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Ile De Re Potatoes
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Ile de Ré potatoes are small tubers, measuring up to seven centimeters in length, and have a round, oval, to oblong shape. The young potatoes are light golden to tan, sometimes speckled with brown spots, and have very thin and delicate skin, giving the surface a flaky appearance. Underneath the skin, the flesh is firm, fine-grained, and cream-colored to ivory with a semi-starchy consistency. Ile de Ré potatoes will vary in texture and flavor when cooked, depending on the variety, and range from soft and sweet to slightly firmer with a savory, nutty, and mineral-forward taste.
Ile de Ré potatoes are available in the spring through early summer.
Ile de Ré potatoes, botanically classified as Solanum tuberosum, are rare, spring tubers that are grown on a small island along the Atlantic Coast of France. There are five different varieties of potatoes generally sold under the Ile de Ré name, and each variety contains subtle flavor and texture variations. The most popular varieties are Charlotte and Alcmaria, favored for their sweet taste, and other varieties include Starlette, Amandine, and Leontine. Ile de Ré potatoes are one of the only tubers in France to receive an Appellation d’Origine Controlee or AOC, which is a certification that protects the geographical location, soil-type, and unique cultivation techniques used on the island to produce the tubers. The tubers are considered to be culinary treasures of the island and have become an exclusive ingredient, only available locally for a very limited season.
Ile de Ré potatoes are an excellent source of fiber, which is a nutrient that can help stimulate and regulate the digestive system. The tubers also contain a high amount of vitamin C, which is an antioxidant that can strengthen the immune system, act as an anti-inflammatory, and boost collagen production within the skin.
Ile de Ré potatoes have a unique, sweet and savory flavor that is best showcased in simple preparations such as steaming, browning, and boiling. The thin skin does not need to be removed before cooking, and the tubers have a mild flavor that can be utilized in a wide variety of dishes. On the island, the small potatoes are primarily steamed or boiled and served with salted butter to accentuate the tuber’s marine flavors. They can also be folded into a mixture of salt, eggs, and seaweed and baked. This mixture becomes a hard-shelled crust around the potato that can be cracked open and served at the table. Ile de Ré potatoes are often paired with fresh seafood and any in-season spring vegetables that can be found on the island. Beyond boiling and steaming, the potatoes can be thinly sliced and cooked into risotto or folded into gnocchi. They are also used to make a local vodka on the island known as Rétha la Blanche, which is a favorite cocktail served with local seafood. Ile de Ré potatoes pair well with aromatics such as chives and garlic, herbs such as cilantro, thyme, and parsley, vegetables such as asparagus, carrots, and peas, seafood such as lobster, cuttlefish, mussels, and oysters, white wine, and coarse sea salt. Once purchased, the young potatoes should be consumed immediately for the best quality and flavor.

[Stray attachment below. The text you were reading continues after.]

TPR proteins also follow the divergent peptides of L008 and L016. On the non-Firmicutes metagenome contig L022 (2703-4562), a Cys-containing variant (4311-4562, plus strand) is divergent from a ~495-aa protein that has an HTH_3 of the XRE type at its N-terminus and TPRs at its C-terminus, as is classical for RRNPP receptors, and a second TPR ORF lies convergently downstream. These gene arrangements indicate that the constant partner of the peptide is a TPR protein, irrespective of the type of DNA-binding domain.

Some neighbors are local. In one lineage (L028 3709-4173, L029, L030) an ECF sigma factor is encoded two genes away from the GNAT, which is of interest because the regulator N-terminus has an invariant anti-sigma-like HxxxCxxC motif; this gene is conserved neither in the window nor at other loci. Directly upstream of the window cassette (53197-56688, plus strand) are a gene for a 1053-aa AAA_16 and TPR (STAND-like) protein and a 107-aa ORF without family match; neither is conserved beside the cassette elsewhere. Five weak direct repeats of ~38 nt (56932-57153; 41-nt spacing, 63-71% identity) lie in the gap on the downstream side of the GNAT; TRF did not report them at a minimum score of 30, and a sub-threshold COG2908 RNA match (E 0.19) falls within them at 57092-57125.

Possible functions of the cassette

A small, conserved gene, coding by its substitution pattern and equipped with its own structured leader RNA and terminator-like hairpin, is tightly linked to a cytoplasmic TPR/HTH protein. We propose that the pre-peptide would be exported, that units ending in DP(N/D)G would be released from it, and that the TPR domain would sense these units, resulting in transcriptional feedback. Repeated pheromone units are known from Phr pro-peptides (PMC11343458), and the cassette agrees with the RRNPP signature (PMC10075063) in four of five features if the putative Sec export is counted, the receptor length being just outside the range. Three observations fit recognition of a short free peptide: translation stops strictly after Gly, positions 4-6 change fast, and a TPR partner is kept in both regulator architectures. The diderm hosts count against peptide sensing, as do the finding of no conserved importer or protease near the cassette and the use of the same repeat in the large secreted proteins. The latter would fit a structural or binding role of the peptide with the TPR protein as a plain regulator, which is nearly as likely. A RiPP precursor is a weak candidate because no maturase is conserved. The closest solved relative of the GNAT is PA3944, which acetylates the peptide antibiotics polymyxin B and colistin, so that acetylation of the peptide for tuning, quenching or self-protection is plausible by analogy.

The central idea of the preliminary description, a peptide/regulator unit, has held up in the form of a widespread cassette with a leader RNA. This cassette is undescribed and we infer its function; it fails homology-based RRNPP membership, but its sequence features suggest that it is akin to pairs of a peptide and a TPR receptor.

Ile de Ré potatoes are one of the three main commodities produced on Ile de Ré along with wine and sea salt. The small French island is only thirty kilometers long and five kilometers wide and consists of ten towns. Within these towns, there are strict cultivation regulations for the famous potatoes due to their AOC protected status, and approximately 20 to 30 farmers tend to 150 acres of land to grow the seasonal tuber. Ile de Ré potatoes have to measure under seven centimeters in length, and the production is capped to obtain the best quality and flavor. They also need to be grown in a sandy, chalky soil and be planted in a sunny, sea breeze filled location to develop their signature, marine flavor. Despite the strict regulations, Ile de Ré residents have retained their love for the potatoes through an annual tradition of cycling across the island to visit the site where the first Ile de Ré potato was harvested. This weekend event primarily occurs in May and also celebrates the earliest harvests, which are considered to be the most prized potatoes with the best flavor. During the festivities, local restaurants center their menus around the potato while friends and family gather together for picnics and dinner parties.
Ile de Ré potatoes are native to the Ile de Ré, which is a small island off the coast of the city of La Rochelle in Southwestern France. The potatoes have been cultivated on the island since the 18th century and began to be extensively developed in the 19th century after the majority of the local vineyards were destroyed due to The Great French Wine Blight. Ile de Ré potatoes became regionally known after World War II and were recognized for their strict cultivation standards, being harvested, packed, and shipped daily to ensure the best flavor. Today Ile de Ré potatoes are only found for a very short season and are primarily sold at local markets on the island or shipped to La Rochelle and sold in specialty supermarkets.
Recipes that include Ile De Re Potatoes. One is easiest, three is harder.
|Ile de Re Potato||Ile de Re Potatoes and Charente Maritime's Oysters Risotto|
|Chablis Wines||Crispy Oysters Dressed In Black With Saffron Potatoes From Ile De Re|